Slow sales at Tim Hortons
The Canadian Press - Feb 13, 2018 - Business Buzz

Image: The Canadian Press
A customer stops their car at a Tim Hortons restaurant drive-thru window in Newcastle, Ontario on Sunday Feb. 11, 2018.

Tim Hortons restaurants recorded a fifth consecutive quarter of sluggish sales, while its parent company Restaurant Brands International Inc. outperformed analyst expectations on profit for its fourth quarter.

The sales slowdown comes as about half of the company’s Canadian Tim Hortons franchisees joined an unsanctioned organization to fight against what they say is their corporate parent’s mismanagement of the coffee-and-doughnut chain.

Comparable sales at Tim Hortons restaurants worldwide slipped 0.1 per cent for the 2017 financial year and grew 0.1 per cent for the fourth quarter, ending Dec. 31, 2017.

The chain last registered comparable sales above 0.3 per cent during the third quarter of its 2016 financial year when the metric reached two per cent.

“We have seen some sequential improvement in the comparable sales of Tims in Canada,” said CEO Daniel Schwartz in a conference call with analysts, pointing to the company’s 0.8 per cent growth in the country during the most recent quarter.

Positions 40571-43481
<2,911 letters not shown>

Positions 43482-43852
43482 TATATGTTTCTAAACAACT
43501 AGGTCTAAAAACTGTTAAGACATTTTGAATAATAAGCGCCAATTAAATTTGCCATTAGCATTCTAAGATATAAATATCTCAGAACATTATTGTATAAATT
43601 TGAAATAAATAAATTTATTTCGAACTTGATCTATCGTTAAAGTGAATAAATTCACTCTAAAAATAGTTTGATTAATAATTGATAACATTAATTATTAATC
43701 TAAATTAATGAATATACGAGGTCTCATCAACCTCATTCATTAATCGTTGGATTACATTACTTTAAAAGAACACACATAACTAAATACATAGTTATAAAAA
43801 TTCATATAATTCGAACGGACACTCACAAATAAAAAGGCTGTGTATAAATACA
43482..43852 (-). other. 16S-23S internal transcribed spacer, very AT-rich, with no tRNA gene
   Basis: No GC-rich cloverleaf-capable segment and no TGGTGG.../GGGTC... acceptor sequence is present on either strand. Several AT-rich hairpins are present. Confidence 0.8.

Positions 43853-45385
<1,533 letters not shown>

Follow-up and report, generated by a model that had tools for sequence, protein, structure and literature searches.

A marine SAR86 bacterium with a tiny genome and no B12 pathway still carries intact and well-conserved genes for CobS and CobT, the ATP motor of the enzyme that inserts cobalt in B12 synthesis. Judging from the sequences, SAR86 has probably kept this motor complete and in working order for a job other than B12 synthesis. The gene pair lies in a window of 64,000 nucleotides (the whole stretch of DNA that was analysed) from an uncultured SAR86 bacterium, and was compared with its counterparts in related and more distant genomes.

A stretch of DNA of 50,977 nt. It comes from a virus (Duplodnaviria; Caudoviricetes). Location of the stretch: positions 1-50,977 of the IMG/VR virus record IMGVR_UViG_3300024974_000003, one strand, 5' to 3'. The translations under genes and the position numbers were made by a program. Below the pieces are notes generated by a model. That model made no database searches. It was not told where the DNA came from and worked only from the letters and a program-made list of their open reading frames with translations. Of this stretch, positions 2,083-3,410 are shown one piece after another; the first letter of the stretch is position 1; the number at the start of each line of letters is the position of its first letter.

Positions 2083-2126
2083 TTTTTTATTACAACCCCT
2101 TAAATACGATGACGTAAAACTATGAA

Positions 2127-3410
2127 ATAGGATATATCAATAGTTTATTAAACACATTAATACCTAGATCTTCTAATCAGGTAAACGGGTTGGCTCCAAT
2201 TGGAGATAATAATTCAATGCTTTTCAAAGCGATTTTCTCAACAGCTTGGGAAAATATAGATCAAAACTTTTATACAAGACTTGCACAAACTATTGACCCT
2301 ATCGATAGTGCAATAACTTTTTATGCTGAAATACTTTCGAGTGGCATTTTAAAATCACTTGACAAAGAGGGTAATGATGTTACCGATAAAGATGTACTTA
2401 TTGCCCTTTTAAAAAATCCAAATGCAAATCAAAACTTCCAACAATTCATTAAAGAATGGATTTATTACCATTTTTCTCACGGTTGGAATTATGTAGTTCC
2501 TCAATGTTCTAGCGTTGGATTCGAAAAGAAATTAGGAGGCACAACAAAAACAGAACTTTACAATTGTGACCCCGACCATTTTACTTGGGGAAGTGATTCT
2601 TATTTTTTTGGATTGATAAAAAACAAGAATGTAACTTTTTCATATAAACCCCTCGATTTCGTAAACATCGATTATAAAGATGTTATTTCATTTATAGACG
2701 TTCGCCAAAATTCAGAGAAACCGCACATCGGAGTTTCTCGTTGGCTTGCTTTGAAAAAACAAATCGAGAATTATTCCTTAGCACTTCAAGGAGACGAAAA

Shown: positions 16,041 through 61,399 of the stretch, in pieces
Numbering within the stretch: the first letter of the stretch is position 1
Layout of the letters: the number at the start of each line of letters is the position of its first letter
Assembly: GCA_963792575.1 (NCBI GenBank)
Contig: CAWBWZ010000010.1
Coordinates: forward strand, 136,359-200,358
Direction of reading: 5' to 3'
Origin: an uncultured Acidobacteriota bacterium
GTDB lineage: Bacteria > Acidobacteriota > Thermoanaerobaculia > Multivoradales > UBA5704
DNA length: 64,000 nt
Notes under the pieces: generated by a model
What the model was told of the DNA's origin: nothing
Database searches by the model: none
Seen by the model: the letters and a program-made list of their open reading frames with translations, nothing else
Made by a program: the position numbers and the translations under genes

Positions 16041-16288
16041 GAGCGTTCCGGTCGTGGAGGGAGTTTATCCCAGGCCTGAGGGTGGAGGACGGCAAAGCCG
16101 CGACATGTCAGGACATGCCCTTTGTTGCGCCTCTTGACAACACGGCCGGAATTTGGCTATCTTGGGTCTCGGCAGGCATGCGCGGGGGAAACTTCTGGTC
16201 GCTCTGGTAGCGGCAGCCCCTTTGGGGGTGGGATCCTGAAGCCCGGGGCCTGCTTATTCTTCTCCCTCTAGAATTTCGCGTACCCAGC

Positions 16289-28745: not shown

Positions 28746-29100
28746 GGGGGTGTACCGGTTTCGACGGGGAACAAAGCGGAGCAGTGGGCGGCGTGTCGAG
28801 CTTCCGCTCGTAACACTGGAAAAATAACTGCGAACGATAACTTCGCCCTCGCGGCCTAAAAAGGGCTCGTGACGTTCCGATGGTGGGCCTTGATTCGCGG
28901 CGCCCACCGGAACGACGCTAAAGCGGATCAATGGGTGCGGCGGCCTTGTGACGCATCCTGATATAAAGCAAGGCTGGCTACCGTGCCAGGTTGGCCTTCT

He said a decline in part of Western Canada and softness in lunch time purchases led to the relatively flat results, but he hopes to build on the recent quarterly momentum by continuing to grow its recently launched espresso-based beverages offering, driving lunch sales with new products like its grilled cheese sandwich, and focusing on its new pay-and-go app.

In its effort to double down on digital innovation the company announced the appointment of Josh Kobza, former chief financial officer, to the new role of chief technology and development officer. Matthew Dunnigan, who has been the company’s treasurer since 2014, is taking over the CFO role.

The lacklustre sales are part of the background to an ongoing dispute between the company, known for drastic cost-cutting measures at the chains it acquires, and the Great White North Franchisee Association, which formed in March 2017 to give voice to frustrated restaurant owners.

Most recently, the group accused RBI of failing to help Ontario franchisees offset a roughly 20 per cent increase to the minimum wage with a 10 per cent price hike on all menu items.

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